The following warning message may appear when kdump is initialized:
..no such file or directory
This message does not impact the dump functionality and can be ignored. You can configure or disable kdump via /etc/kdump.conf, system-config-kdump, or firstboot.
Module-accessible interface for ftrace

The ftrace function tracer now allows modules and all users to make use of the ftrace function tracing utility. For more information, refer to the following man pages:

man trace-cmd-record
man trace-cmd-stack
Tracing of multi-threaded processes

When tracing processes with more than one thread, the ltrace utility would neglect to trace threads other than the main thread. But because threads share address space, those other threads would still see breakpoints distributed by ltrace. Consequently, those threads would be killed by a SIGTRAP signal. Red Hat Enterprise Linux 6.3 includes thread-awareness and breakpoint handling mechanisms. Support for tracing of multi-threaded processes is now on par with tracing single-threaded process.

Cross Memory Attach

Cross Memory Attach provides a mechanism to reduce the number of data copies needed for intra-node inter-process communication. In particular, this allows MPI libraries doing intra-node communication to do a single copy of the message rather than a double copy of the message via shared memory. This technique has been employed in the past through multiple, unique driver-based implementations. The implementation introduced in Red Hat Enterprise Linux 6.3 provides a general solution for this functionality. In addition, it provides a layer of abstraction for device driver writers who wish to exploit these functions without having to modify their corresponding implementations when there are changes in the memory management subsystem.

Spinning mutex performance enhancement for IBM System z

Red Hat Enterprise Linux 6.3 enhances the usage of mutexes. Additional information provided to the scheduler allows for more efficient and less costly decisions when optimizing processor cycles depending on the usage of mutexes, thread scheduling, and the status of the physical and virtual processors. The status of a thread owning a locked mutex is examined and waiting threads are not scheduled unless the first thread is scheduled on both a virtual and a physical processor.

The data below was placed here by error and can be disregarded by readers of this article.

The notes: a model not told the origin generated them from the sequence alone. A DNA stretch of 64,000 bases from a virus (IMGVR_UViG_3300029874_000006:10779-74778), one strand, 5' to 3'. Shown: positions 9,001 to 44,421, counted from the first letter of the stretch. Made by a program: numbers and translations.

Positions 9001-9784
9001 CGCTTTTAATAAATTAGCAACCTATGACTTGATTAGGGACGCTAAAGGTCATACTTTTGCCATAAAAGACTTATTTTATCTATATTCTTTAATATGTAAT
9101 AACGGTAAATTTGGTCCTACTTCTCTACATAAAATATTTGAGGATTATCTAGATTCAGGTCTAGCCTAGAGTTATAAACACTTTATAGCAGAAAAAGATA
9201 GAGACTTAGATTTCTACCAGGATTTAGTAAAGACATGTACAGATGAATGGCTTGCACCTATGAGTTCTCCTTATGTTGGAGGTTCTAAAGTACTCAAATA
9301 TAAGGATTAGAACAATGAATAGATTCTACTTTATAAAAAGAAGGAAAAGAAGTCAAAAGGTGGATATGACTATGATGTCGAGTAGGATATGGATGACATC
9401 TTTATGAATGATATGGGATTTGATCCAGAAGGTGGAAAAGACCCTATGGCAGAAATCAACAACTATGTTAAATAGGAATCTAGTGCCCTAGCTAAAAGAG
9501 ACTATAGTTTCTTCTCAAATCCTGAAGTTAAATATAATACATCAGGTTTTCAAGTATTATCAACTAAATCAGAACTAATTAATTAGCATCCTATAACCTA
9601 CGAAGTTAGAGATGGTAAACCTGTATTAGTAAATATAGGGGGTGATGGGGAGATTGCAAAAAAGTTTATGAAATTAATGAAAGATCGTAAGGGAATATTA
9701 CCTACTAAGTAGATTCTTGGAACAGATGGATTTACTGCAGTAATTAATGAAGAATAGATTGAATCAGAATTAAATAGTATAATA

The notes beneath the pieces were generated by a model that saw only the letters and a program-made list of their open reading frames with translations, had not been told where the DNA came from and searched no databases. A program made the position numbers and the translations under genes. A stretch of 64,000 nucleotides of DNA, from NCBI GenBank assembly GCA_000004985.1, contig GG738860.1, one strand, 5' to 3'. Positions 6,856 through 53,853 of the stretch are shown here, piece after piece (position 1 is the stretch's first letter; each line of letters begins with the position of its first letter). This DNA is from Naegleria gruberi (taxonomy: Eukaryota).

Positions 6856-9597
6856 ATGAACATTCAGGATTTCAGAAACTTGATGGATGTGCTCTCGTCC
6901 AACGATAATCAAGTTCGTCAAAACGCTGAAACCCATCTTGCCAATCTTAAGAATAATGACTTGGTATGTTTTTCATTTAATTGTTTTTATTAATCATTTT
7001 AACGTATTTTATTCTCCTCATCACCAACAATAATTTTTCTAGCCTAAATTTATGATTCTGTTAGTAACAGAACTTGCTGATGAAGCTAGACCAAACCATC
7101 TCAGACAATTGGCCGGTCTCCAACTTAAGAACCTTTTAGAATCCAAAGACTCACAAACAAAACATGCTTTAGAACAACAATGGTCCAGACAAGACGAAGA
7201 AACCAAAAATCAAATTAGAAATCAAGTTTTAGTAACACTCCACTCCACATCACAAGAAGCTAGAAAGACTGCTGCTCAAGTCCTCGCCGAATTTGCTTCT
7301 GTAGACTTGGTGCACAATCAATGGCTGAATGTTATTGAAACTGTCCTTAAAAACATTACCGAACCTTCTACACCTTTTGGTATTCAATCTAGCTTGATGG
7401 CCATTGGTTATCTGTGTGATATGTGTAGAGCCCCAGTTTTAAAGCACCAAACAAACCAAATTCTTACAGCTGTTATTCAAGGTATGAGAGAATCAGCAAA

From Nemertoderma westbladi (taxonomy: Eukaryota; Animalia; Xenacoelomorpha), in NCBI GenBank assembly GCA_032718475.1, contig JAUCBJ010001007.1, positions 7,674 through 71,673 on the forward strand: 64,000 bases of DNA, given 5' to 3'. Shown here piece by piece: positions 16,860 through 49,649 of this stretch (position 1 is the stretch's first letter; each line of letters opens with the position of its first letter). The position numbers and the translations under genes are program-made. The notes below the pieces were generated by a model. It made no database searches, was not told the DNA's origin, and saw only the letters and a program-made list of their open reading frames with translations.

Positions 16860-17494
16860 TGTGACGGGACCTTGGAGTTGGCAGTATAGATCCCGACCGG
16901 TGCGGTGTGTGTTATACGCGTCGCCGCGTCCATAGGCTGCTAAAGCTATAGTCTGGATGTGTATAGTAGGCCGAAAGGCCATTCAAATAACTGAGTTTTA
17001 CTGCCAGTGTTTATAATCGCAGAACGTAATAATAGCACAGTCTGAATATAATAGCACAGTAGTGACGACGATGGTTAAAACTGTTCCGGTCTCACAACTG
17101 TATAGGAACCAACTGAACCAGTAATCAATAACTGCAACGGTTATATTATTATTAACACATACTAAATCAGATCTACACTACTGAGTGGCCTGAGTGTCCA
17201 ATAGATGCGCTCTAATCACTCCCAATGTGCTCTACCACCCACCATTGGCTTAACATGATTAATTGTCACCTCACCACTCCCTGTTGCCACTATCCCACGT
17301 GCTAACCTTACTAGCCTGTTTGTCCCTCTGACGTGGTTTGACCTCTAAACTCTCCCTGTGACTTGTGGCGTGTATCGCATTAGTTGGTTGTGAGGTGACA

Enhanced DASD statistics for PAV and HPF for IBM System z

Red Hat Enterprise Linux 6.3 enables improved diagnosis of PAV (Parallel Access Volume) and HPF (High Performance Ficon) environments to analyze and tune the DASD performance on a system, for example, to give recommendations regarding the number of alias devices or the usage of PAV versus HyperPAV.

OSA concurrent software/hardware trap for IBM System z

With Red Hat Enterprise Linux 6.3, collective problem analysis through consolidated dumps of software and hardware is enabled. A command can be used to generate qeth or qdio trace data and to trigger the internal dump of an OSA device.

Added ability to switch between two graphics cards

The CONFIG_VGA_SWITCHEROO configuration option is now enabled by default to allow switching between two graphics cards.

KEXEC_AUTO_THRESHOLD lowered to 2 GB

With Red Hat Enterprise Linux 6.3, the crashkernel=auto parameter changed the default kdump enabling threshold from 4 GB to 2 GB. This means that any machine that has 2 GB (or more) of memory will have the kdump feature enabled on its systems.

Available memory in the system is rounded up to 128 MB when calculating the 2 GB threshold for deciding whether to enable kdump or not. If a system has 1920 MB (2G-128M) RAM available, kdump is enabled.
Run the following commands if you wish to disable kdump (for example, due to memory constraints):
  1. To stop the kdump service, execute the following command:
    ~]# service kdump stop
  2. To disable the kdump service, execute the following command:
    ~]# chkconfig kdump off
  3. To return memory previously reserved for kdump back to the system, execute the following command:
    ~]# echo 0 > /sys/kernel/kexec_crash_size